Plastics can also be produced from fibre-based raw materials, for example from sugar cane. (Credit: Victoria Priessnitz/unsplash)
A bioplastic for every application
Companies worldwide are currently in the process of reducing their CO2 emissions and making production more eco-friendly – and the packaging industry is no exception. There are various ways to achieve this, from using reusable resources to saving material to novel, more eco-friendly packaging materials. FKuR, a German company based in Willich in the Lower Rhine region, specialises in the latter field.
Founded in 2003, the company focuses on bioplastics – in other words, materials whose properties are akin to those of “conventional” plastics made from fossil raw materials, but which are produced using renewable resources. In their application, these bioplastics are just as versatile as conventional plastics and are thus a multifaceted and flexible packaging material.
However, when it comes down to the details, these plastics may differ. One key factor here is their classification as bio-based and/or biodegradable. Bio-based, for example, means a plastic was made from renewable resources. As a rule, these are fibre-based and obtained from sugar cane or cellulose, for example. Biodegradable, on the other hand, means that microorganisms such as bacteria, as well as fungi and algae, can decompose the plastic without leaving any harmful residue. Ideally, then, a bioplastic is both bio-based and biodegradable.
Production plants can remain in use
However, that also depends on the respective application. Depending on the product, bioplastics need to exhibit a range of properties, as there is no one-size-fits-all solution in bioplastics. FKuR meets this challenge with a broad portfolio of different plastics that are each suited to their own, specific field of application.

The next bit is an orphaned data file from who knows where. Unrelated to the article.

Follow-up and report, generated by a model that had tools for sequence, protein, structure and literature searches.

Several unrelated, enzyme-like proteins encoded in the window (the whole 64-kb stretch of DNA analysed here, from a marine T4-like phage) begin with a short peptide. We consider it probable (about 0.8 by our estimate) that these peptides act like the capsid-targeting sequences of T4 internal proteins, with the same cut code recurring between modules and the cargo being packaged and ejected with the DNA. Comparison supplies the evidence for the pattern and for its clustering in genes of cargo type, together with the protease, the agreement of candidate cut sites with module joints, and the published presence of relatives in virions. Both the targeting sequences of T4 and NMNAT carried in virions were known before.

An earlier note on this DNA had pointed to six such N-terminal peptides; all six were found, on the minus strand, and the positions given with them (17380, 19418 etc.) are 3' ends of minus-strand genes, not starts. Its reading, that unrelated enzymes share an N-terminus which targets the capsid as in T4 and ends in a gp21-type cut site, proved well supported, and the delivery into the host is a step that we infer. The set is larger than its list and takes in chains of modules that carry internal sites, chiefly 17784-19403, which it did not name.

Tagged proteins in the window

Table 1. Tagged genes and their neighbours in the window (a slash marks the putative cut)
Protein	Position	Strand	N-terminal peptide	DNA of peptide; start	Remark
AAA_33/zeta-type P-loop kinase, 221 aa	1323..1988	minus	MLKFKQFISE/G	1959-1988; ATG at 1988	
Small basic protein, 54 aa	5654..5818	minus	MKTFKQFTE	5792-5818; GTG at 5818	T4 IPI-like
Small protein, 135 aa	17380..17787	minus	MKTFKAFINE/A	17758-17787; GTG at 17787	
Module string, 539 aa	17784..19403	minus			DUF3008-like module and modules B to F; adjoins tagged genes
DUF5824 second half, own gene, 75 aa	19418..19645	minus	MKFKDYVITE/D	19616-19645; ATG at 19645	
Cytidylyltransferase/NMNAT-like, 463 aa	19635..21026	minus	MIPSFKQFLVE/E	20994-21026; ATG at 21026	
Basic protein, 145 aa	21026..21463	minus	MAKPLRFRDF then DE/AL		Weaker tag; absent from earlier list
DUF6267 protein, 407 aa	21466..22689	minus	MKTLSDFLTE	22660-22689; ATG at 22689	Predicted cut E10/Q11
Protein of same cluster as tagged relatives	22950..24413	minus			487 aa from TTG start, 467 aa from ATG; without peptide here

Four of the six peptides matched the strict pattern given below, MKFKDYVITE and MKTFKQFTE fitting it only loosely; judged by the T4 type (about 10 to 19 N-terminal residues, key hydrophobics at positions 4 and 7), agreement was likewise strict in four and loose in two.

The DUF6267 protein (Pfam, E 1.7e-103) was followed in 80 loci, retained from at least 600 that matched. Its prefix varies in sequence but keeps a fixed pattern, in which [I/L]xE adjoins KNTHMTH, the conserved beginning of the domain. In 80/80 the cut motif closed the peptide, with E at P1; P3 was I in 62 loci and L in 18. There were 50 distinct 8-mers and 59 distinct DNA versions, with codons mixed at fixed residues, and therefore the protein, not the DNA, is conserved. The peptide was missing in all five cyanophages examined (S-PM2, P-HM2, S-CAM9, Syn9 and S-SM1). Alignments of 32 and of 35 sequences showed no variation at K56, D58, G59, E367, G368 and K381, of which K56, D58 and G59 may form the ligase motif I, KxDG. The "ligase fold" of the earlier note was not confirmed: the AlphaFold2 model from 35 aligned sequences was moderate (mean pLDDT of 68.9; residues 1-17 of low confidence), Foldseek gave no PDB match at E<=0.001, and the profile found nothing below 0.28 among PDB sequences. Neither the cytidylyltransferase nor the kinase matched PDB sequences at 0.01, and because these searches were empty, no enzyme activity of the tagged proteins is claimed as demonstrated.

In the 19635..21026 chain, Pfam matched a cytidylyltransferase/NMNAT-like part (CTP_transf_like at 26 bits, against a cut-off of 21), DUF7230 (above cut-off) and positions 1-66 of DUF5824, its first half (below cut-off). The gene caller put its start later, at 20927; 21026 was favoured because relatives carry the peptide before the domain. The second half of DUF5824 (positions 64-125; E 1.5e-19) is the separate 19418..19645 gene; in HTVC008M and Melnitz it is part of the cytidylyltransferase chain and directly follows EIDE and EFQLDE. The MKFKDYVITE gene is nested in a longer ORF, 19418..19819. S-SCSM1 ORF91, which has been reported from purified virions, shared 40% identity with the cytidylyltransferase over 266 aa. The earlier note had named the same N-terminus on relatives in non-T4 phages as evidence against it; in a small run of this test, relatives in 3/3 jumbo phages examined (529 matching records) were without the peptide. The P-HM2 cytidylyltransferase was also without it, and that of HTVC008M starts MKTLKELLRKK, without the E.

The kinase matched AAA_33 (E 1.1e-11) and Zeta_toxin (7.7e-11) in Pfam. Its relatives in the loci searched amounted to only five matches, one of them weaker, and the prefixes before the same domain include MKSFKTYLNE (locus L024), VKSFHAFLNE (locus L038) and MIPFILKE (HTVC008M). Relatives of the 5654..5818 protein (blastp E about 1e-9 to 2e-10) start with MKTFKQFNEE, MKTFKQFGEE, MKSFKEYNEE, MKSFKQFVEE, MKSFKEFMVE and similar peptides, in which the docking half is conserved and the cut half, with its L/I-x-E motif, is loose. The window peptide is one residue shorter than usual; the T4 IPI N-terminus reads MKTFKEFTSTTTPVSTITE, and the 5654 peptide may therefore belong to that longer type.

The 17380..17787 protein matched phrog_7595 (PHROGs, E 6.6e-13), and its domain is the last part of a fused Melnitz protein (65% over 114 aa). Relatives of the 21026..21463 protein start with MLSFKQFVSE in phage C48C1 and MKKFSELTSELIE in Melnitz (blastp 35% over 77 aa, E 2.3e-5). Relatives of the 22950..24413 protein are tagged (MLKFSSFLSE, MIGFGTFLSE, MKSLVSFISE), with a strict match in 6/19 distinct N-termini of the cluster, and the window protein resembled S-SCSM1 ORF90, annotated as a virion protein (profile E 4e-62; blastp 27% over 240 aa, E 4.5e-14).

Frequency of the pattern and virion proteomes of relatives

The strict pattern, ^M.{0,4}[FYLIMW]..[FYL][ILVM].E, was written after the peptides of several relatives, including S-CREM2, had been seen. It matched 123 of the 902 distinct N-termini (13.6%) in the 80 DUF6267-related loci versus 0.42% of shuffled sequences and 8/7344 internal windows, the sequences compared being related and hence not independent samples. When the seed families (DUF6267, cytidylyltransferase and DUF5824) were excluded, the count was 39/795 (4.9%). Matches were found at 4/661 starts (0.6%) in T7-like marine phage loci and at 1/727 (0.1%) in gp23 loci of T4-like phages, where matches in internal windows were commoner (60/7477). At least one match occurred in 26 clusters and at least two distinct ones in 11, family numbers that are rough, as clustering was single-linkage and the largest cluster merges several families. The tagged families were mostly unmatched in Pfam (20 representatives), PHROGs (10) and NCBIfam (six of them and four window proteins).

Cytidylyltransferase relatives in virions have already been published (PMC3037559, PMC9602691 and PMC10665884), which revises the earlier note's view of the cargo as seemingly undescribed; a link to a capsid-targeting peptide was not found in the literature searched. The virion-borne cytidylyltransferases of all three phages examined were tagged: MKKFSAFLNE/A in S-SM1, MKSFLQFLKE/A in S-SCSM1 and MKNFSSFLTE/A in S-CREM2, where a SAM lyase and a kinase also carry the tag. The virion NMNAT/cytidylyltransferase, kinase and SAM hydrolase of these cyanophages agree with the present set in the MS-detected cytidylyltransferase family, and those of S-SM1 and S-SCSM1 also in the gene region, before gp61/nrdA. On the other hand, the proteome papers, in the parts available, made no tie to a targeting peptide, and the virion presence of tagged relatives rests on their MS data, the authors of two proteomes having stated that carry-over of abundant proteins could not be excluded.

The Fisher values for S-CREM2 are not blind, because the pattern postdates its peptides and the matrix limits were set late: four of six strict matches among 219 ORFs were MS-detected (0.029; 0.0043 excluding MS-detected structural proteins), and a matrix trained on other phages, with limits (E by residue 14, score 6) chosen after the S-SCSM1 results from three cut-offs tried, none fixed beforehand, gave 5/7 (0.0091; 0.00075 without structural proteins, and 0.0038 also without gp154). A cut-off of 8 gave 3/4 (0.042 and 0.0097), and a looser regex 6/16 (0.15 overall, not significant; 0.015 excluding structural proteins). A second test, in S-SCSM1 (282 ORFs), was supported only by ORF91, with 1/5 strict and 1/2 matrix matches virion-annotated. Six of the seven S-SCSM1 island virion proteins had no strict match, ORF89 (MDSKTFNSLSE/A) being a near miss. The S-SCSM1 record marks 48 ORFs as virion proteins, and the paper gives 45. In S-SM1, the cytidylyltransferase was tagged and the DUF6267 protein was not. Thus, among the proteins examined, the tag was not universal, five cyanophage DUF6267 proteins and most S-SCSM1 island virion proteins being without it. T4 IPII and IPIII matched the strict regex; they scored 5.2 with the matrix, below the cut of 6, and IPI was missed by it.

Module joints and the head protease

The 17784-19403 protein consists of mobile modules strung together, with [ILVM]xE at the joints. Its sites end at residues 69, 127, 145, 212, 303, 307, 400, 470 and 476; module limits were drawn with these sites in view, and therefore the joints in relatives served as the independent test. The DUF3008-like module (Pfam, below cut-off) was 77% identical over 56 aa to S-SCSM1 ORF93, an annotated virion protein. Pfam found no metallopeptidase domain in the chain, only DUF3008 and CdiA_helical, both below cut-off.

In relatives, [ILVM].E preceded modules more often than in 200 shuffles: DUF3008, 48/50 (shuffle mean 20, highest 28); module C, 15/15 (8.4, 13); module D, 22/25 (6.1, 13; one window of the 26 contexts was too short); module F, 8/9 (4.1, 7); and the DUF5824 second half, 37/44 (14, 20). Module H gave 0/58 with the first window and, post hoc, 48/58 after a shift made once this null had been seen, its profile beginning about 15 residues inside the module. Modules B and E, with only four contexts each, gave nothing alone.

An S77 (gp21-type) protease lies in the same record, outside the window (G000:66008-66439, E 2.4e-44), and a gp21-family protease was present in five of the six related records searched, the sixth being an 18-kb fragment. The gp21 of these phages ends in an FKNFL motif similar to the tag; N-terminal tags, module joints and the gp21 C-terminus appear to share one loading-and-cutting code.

The bioplastics can also be used for cosmetic packaging, as shown here in a user example from the manufacturer EOS srl. (Credit: EOS srl/FKuR)
The Bio-Flex family, for example, is suitable for thermoforming and injection-moulding processes, and thus for the manufacture of coffee cups (to-go) or tins and jars for the cosmetics and food sectors. According to company statements, these ready-to-use plastic compounds have the same properties as standard fossil plastics and can be processed just as easily in existing production plants, with no need for further mixing.
With Terralene, on the other hand, FKuR has added a bio-compound to its portfolio which is used in combination with conventional recycled materials. Here, up to 35 percent of bio-based plastic is added to the recycled fossil plastics. According to company statements, the plastic is fully recyclable, despite its being a compound, and can be introduced into existing polyethylene material flows.
FKuR's bioplastics are used in the production of coffee cups, for example. (Credit: FKuR)
Terralene is primarily used in packaging for the food and non-food sectors. Compared to biodegradable plastics such as PLA (polylactic acid), Terralene has a remarkable oxygen and steam barrier. This means moisture- and oxygen-sensitive products can be packaged in bioplastic to extend their shelf lives, without the loss of any other, valuable packaging functions.
In short, the FKuR product range proves there is still a lot of room for manoeuvre in the field of bioplastics. Especially in light of scarce resources and circular economies, it might be worth thinking about switching to these novel packaging materials – or adding them to existing portfolios, at least.